Protect DVDVideo slaps face of PC and Media Center


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The movie industry just doesn't get it. This is a new century and the times, they are a-changing. But the studio bosses just keep on ignoring technology like they are on rails, kicking the consumer where it hurts every chance they get. Another copy protection scheme that some studios may decide to use for DVDs, has hit the streets and is courting tinsel town. This time they want to try and stop you from using your legally purchased DVD movies on a PC! All of course in the name of stopping piracy. Right, I've seen that movie too, the plot's thinner than a Will Ferrell flick.

Protect DVD-Video is a copy protection technology that will not allow playback of discs sporting the protection on a Windows PC using Windows Media Player or DirectShow. Protect DVD-Video by ProtectDisc, is basically a mechanism for mangling the IFO file that is used for menus and such on a DVD movie and have it be reported to Media Player as a zero byte file ..very clever, but also annoying.

Of course, if you just dropped coin for a Media Center OS home theater PC, the interface uses the Windows Media Player by default, so this is a major pain in the posterior, if you mistakenly purchase a movie with ProtecDisc. But not to worry, it has been defeated already by Slysoft. However, it is a sad state of affairs when we have to pay for additional software in order to use our legitimate purchases on our equipment.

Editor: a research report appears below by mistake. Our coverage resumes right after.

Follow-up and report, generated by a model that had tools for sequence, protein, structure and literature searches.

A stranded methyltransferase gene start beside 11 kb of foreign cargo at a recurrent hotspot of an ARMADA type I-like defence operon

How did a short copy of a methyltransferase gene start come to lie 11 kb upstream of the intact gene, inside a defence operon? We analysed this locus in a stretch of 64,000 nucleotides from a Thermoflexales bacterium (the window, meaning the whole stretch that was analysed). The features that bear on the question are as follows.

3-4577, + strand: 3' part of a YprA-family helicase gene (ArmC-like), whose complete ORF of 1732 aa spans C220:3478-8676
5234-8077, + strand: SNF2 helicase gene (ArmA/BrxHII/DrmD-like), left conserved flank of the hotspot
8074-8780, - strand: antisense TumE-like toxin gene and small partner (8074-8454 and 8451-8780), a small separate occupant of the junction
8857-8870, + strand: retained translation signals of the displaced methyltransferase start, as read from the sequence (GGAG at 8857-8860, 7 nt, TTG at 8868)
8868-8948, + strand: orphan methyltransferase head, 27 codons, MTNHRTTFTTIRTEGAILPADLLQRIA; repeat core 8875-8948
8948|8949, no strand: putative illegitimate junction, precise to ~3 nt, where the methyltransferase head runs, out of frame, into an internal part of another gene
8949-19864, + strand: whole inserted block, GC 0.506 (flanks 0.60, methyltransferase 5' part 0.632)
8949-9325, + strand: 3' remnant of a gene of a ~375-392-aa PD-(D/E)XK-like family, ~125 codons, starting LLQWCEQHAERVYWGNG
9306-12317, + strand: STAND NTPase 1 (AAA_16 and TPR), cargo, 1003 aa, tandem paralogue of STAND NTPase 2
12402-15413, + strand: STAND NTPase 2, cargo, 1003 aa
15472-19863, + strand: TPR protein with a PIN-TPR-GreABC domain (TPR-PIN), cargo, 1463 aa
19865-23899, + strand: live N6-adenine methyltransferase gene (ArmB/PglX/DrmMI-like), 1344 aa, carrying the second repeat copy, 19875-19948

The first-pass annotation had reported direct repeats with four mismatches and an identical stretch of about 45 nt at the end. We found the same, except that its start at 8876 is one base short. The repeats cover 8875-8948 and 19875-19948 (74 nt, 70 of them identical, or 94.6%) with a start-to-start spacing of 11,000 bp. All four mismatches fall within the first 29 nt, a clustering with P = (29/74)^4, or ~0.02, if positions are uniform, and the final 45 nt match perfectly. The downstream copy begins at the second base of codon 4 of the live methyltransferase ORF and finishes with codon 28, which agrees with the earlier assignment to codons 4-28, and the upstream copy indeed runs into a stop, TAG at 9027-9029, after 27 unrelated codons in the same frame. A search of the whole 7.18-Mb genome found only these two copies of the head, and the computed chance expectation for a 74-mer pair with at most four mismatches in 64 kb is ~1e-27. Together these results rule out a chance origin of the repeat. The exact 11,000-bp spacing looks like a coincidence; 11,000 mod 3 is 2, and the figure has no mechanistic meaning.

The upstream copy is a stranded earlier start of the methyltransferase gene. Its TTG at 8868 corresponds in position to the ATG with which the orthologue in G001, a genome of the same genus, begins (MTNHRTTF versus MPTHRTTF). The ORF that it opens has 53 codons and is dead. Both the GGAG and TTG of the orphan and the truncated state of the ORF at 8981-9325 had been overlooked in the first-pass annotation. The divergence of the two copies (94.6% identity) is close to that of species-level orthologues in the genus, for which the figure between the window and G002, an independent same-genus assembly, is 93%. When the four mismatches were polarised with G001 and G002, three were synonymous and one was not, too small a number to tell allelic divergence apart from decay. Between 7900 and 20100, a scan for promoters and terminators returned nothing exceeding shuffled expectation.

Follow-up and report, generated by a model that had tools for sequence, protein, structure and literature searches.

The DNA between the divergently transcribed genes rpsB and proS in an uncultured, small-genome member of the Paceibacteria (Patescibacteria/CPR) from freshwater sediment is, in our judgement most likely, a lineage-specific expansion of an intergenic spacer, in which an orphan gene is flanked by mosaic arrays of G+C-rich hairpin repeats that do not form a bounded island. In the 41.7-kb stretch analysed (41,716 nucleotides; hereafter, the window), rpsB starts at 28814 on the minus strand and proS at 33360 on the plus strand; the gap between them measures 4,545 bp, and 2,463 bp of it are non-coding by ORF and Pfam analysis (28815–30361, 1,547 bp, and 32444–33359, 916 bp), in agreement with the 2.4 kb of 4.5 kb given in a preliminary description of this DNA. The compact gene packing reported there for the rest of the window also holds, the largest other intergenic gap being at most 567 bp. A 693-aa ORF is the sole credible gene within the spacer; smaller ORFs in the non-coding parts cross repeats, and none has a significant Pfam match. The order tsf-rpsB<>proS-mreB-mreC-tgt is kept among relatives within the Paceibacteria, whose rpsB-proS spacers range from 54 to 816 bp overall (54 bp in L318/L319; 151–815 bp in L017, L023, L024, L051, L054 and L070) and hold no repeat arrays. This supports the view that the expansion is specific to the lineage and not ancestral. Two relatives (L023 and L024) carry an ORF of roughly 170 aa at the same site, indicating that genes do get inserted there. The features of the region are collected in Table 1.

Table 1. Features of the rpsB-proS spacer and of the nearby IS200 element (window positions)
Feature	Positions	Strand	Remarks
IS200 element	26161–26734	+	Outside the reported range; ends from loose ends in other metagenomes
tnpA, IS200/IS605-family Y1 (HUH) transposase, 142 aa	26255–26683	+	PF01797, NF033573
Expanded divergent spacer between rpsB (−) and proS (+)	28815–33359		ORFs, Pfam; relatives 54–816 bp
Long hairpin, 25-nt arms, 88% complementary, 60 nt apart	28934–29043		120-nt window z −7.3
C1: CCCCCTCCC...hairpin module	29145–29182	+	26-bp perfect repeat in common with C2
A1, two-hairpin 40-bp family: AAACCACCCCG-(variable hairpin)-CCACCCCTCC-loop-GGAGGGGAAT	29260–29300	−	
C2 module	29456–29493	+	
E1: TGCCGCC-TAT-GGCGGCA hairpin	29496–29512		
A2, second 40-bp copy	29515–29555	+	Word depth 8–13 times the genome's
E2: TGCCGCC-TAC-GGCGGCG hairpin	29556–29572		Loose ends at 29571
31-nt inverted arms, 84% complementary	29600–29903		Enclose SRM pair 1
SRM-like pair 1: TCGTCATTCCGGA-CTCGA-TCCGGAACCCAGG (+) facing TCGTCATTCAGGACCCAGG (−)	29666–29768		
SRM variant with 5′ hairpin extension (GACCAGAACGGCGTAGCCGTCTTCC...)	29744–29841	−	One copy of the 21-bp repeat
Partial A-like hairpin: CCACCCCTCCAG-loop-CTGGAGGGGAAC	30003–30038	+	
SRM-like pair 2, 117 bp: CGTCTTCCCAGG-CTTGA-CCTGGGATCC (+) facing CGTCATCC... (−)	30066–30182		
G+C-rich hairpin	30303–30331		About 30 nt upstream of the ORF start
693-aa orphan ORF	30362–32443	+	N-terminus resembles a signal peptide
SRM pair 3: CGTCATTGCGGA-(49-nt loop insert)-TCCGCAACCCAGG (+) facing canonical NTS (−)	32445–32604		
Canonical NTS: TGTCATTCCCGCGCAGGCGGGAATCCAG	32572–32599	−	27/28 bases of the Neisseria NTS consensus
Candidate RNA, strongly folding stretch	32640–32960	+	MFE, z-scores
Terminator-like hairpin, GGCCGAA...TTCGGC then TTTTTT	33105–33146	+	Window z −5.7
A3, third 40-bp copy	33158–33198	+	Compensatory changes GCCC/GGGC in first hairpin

"With this copy protection the film industry clearly overshot the mark", says Giancarlo Bettini, CEO at SlySoft. "The premium customer who spent a lot of money on his multimedia home cinema and who, for quality reasons, would never even consider watching anything else but an original DVD, is being slapped in the face. These customers with their shelves stuffed with rightfully acquired DVDs, can't watch their videos."

Man, I wonder if Hollywood will ever wake up and realize who is buttering their bread? The thing that is really annoying, is most of the time, these DVDs are merely pressed copies of films that already made scads of money at the box office. So this DVD version enhances an already insanely profitable project. I say it is insanely profitable, as I know of few other places where workers receive tens of millions of dollars for a few months work. Those interested can read the entire blog by visiting this link at ZDNet.

http://www.cdfreaks.com/news/14096

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Regardless of whatever bollocks they may put on packaging, and whatever returns "policy" a store may have, if a product that has been bought from somewhere is not fit for purpose (i.e. doesn't frickin work) you get a refund. Not an exchange (though you are entitled to one if you want, though that would be pointless). In order to discover a DVD doesn't work, you have to remove it from the packaging. Woe betide any tosspot that denies me my statutory rights under consumer law with "we don't accept opened returns".

Of course, this is in UK. YMMV.

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My only DVD player is my PC. I shall not buy a seperate DVD player. I shall not buy software to make DVDs work. I'll be more than happy to stop buying DVDs if they try to screw me--after all, it's not like there is an irresistable amount of good movies.

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its tru, i bought a media center pc with the intention of plugging my 32inch HDTV into it and useing it to watch movies on when i feel like it, if this is how there going about now and i aint buyign software to let me watch mvoies i have bough legit in the first place cuz thats just messed up, i guess they just want to promote illegal downloading.